Major exporters of fossil fuels and countries with a high rate of emissions per person are the lowest scorers in a new ranking of how different countries around the world are responding to climate change.
The annual Climate Change Performance Index (CCPI), published on Wednesday, tracks the climate performance of the 60 biggest polluting countries in the world, plus the European Union — which together are responsible for 92% of all global emissions.
It assesses how well each country is doing according to the Paris Agreement target to limit warming to no more than 1.5 degrees Celsius, and assigns a score across four categories: greenhouse emissions, energy use, renewable energy, and climate policy.
The European Union’s policy initiatives are considered separately to individual European countries, which also feature in the rankings.
It is vital that all countries take urgent action to prevent catastrophic climate change. A report published on Tuesday by Climate Action Tracker found that, despite the promises made at the COP26 Climate Conference this month, the world is still predicted to warm by 2.4 degrees above pre-industrial levels — warming that would have devastating consequences including more crop failure, extreme weather, and sea level rises.
While there have been improvements for some countries since last year’s CCPI, not a single country has yet done well enough to achieve the highest score possible — so the top three spaces on the ranking have been left blank.
“This says a great deal,” note the researchers who compiled the index, on the CCPI website. “Even if all countries were as committed as the current frontrunners, it would still not be enough to prevent dangerous climate change.”
“The countries with high rankings also have no reason to ease up,” they continue. “Even greater efforts and actions by governments are needed to set the world on track to keep global warming well below a 2 degrees increase. Even better, 1.5 degrees.”
The index is compiled by a group of climate think tanks, Germanwatch, the NewClimate Institute, and the Climate Action Network International, which is a coalition of climate campaign groups.
The 10 lowest scoring countries are: the US, Russia, Malaysia, Australia, Korea, Chinese Taipei, Canada, Iran, Saudi Arabia, and Kazakhstan.
All have received their low scores for a variety of reasons. For example, the US scores “very low” in the emissions, energy use, and renewable energy categories, but scores “medium” for its climate policy because of President Joe Biden’s pledge to halve emissions levels by 2030.
Australia has performed particularly badly, the report notes — coming last in the “climate policy” category and 58 out of 64 overall (the ranking goes up to 64 because of the blank spaces for the top three).
It is singled out by the researchers as this year’s “climate loser” because it is behind other high-income countries and is trailing many lower-income countries too. The report says that 92% of the country’s energy was powered by fossil fuels as of 2020, and adds that the Australian government “is not taking substantial action to drastically alter this picture.”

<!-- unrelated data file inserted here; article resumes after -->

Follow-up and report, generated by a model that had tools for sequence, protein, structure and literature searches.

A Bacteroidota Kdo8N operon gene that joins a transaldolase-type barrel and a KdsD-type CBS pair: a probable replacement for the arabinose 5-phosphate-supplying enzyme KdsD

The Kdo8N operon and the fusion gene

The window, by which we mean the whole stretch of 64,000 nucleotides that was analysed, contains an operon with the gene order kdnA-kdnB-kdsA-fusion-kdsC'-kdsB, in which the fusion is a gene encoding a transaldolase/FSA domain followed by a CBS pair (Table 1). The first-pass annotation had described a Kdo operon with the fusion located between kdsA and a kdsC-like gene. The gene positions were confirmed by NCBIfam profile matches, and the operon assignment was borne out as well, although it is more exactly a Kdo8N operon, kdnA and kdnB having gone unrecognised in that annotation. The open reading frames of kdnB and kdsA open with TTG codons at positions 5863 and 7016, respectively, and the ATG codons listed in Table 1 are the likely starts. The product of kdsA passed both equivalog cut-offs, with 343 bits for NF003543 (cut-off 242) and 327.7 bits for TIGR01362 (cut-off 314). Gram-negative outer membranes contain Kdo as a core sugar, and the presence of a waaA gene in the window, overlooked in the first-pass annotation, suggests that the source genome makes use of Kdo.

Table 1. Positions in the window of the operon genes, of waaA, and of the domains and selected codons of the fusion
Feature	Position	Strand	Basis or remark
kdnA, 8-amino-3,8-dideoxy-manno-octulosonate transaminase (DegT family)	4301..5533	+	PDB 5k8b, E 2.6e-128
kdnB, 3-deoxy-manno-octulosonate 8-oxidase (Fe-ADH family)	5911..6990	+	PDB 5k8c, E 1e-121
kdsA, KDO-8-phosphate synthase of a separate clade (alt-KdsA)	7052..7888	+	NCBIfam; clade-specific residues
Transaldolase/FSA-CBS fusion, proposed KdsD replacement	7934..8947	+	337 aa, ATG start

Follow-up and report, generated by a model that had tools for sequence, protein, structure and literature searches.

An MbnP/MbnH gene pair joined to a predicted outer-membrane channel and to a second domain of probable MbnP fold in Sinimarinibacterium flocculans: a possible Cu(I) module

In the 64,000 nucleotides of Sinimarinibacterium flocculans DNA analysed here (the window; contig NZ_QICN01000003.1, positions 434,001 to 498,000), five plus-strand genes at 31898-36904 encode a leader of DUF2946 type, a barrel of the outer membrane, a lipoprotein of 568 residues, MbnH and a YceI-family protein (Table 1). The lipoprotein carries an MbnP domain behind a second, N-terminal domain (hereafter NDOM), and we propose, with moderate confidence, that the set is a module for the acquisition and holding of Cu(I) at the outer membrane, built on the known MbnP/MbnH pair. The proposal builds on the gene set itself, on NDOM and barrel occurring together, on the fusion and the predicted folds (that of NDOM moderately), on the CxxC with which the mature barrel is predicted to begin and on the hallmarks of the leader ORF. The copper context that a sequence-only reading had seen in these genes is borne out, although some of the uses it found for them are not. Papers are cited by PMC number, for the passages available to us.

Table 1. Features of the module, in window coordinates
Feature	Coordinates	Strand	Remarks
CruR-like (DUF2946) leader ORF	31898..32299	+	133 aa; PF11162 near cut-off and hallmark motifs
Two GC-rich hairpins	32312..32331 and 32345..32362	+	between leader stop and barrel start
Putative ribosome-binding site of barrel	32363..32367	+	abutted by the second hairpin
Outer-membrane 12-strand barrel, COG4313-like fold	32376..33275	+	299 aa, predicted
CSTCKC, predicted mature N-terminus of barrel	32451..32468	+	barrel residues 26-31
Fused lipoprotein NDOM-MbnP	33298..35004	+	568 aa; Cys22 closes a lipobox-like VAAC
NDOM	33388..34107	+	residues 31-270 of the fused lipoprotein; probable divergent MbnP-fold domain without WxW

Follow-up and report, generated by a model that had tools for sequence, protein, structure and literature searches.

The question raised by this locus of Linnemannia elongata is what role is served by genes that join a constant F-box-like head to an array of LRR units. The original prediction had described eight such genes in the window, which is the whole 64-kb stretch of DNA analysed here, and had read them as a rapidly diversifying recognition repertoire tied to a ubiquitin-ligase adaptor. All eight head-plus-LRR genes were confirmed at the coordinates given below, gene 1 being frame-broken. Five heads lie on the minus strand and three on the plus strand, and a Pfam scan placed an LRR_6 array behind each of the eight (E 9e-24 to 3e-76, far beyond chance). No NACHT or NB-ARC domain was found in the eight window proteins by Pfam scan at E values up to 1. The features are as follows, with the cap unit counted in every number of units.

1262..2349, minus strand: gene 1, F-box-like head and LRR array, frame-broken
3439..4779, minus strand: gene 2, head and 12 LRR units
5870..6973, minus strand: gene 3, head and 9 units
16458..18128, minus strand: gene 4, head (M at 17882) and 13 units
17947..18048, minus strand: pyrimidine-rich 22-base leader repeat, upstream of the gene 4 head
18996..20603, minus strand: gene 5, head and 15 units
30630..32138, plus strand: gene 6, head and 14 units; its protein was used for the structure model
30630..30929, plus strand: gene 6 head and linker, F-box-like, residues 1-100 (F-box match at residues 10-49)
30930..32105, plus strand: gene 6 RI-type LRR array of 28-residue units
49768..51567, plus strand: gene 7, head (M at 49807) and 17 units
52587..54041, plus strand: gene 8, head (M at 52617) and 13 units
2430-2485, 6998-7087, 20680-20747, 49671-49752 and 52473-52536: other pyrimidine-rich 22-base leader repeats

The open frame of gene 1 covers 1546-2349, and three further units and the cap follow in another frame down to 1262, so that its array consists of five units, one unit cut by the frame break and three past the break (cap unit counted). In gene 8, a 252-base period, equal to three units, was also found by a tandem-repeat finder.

On the policy front, the report says that Australia’s “Technology Investment Roadmap”, which is aimed at supporting technologies that help reduce emissions by 2040 is “insufficient” to support the decarbonization needed. While Australia did announce it aims to be net zero by 2050 in October, the index report notes that “no new policies and plans were announced” to back up that announcement.
Canada also ranks in the bottom 10 and has dropped three places compared to last year’s index. The index report says that “experts emphasize the oil and gas industry as a major block to more ambitious climate policy” in Canada and noted the country could be doing more to support renewables.
In terms of which countries did better, the top 10 overall scorers were: Denmark, Sweden, Norway, the UK, Morocco, Chile, India, Lithuania, Malta, and Germany.
Again all these countries were given their scores for a variety of reasons. The UK scored particularly well for the amount of its energy share that now comes from renewables, as well as its forward-looking policies.
India meanwhile was given a “medium” score for its use of renewables but scored high on its climate policy and its strong targets. It was also praised for being close to achieving its “Nationally Determined Contribution (NDC) target of a 40% share for non-fossil fuel installed power capacity by 2030.”
Denmark was labelled the “climate winner” this year because of its shift over two decades from being dependent on coal to having over 30% of its energy powered by renewables.
Crucially, however, none of these countries are yet doing well enough to meet the Paris climate targets and limit climate change in the way that is needed.
Stephan Singer, the senior climate science and global energy policy advisor at the Climate Action Network, said that the countries that typically score low in the rankings are high fossil fuel exporters and high fossil fuel users.
"The same countries that are among those with the worst climate performance, are identical with the globally largest fossil fuel exporters and large fossil fuel users like the US, Saudi Arabia, Russia, and Australia,” he said.
“They also belong to the group of those countries that have the highest per capita energy consumption and CO2 fossil fuel emissions as well as much lower renewable energy and energy efficiency achievements,” he added.